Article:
I recently read an article entitled The Social Media Marketer is (almost) dead: 5 tips on how to evolve as a marketer where the author argued that the role of a Social Media Marketer is dying. To be honest I had very mixed feelings about the author’s position. I do believe that social media is changing, all media is changing and at a relatively rapid pace; however, I don’t know that the role is necessary dead but rather changing with the role of media in the marketing mix. Social media still plays a large role for companies. In fact, Social Media Examiner found that social media teams are becoming more common; 57% of those that responded to the survey said that there is a dedicated team overseeing their company’s social media strategy. I think Social Media Managers are still relevant and that jobs in that focus are alive and well. I don’t think theses positions are going anywhere anytime soon, I do however think that what the role encompasses may be shifting. Social Media Managers are no longer just someone to maintain and develop content for organizations social sites instead these professionals are listening, dealing with customers’ needs, creating content, implementing marketing campaigns, and promotions. The role of Social Media Manager, in my opinion it isn’t dead, just changing. What are your thoughts?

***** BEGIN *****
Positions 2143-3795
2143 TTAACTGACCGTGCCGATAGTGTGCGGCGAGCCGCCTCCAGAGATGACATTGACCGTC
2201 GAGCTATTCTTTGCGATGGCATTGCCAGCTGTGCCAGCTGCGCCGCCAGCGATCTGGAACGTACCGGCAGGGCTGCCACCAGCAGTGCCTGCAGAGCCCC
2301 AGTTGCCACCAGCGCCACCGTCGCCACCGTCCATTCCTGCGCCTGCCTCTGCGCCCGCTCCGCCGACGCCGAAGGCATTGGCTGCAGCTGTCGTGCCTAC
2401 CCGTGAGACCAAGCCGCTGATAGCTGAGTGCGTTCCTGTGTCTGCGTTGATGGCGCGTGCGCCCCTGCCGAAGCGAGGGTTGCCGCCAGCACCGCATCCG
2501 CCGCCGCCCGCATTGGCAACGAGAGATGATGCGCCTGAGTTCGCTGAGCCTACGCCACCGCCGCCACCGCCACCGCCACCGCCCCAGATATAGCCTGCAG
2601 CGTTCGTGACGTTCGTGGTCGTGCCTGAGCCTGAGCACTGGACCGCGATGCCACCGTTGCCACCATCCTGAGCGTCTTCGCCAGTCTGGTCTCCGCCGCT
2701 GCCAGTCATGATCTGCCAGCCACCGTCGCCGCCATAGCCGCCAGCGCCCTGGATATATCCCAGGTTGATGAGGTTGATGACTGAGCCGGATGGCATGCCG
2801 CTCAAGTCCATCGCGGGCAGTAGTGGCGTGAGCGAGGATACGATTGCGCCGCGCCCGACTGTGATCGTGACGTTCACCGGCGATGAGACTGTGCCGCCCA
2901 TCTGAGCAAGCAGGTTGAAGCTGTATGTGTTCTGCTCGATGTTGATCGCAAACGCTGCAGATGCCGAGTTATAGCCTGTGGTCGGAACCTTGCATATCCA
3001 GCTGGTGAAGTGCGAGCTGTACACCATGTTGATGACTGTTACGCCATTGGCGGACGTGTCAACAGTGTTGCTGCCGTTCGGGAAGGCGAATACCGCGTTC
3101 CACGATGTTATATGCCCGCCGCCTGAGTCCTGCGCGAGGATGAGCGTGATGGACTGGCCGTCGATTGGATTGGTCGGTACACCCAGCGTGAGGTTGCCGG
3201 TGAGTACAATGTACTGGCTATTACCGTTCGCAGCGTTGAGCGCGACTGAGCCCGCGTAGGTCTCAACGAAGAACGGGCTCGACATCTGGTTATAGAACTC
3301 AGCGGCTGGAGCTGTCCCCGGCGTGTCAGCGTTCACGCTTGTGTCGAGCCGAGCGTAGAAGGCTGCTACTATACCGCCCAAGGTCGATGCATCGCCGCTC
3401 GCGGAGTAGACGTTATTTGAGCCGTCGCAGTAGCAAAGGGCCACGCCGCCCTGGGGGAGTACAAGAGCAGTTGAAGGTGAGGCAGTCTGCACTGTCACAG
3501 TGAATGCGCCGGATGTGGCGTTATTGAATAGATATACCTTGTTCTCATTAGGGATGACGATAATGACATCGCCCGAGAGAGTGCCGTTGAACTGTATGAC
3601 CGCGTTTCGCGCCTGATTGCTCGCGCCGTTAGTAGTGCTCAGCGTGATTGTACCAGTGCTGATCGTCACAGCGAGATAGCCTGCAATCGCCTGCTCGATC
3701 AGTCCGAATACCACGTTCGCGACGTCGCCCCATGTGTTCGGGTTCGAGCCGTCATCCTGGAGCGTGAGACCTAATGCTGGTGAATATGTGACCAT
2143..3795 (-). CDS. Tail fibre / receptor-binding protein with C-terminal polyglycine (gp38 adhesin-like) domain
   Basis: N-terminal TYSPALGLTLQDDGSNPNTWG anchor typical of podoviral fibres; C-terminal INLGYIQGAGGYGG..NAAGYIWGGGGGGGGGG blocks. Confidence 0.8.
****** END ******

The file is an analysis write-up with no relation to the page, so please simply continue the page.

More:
It’s hard to count how many times a day I catch myself using my cell phone. Studies estimate that the average user checks their phone about 150 times a day and it’s hard to argue with that stat given all cell phones are capable of. Music, games, email, social media, viewing the web, and a countless number of applications; it is safe to say our modern mobile phones have come a long way from their humble beginnings. The first cell phone, the Motorola DynaTAC, dates back to 1984. Unlike the sleek design of today’s smartphones, this phone was massive; weighing 28 ounces (that’s 1.75 lbs) and measuring in at 13 X 1.75 X 3.5 inches. Top it off the cost of this massive phone was $3995, which would be more than $9000 in today’s market. The DynaTAC was originally developed to ensure that AT&T would not gain a monopoly on cellular. Previously car phones were connected by a single transmission from an antenna within a city however; AT&T had discovered a way to allow for car phones to remain connected from antenna to antenna. AT&T hoped to gain a monopoly on the wireless network from the FCC. Ultimately the DynaTAC was Motorola’s response to squash AT&T’s plan for a monopoly; which they did. Despite the phone’s humble beginnings, the DynaTAC has produced some high-tech, ever-present descendants.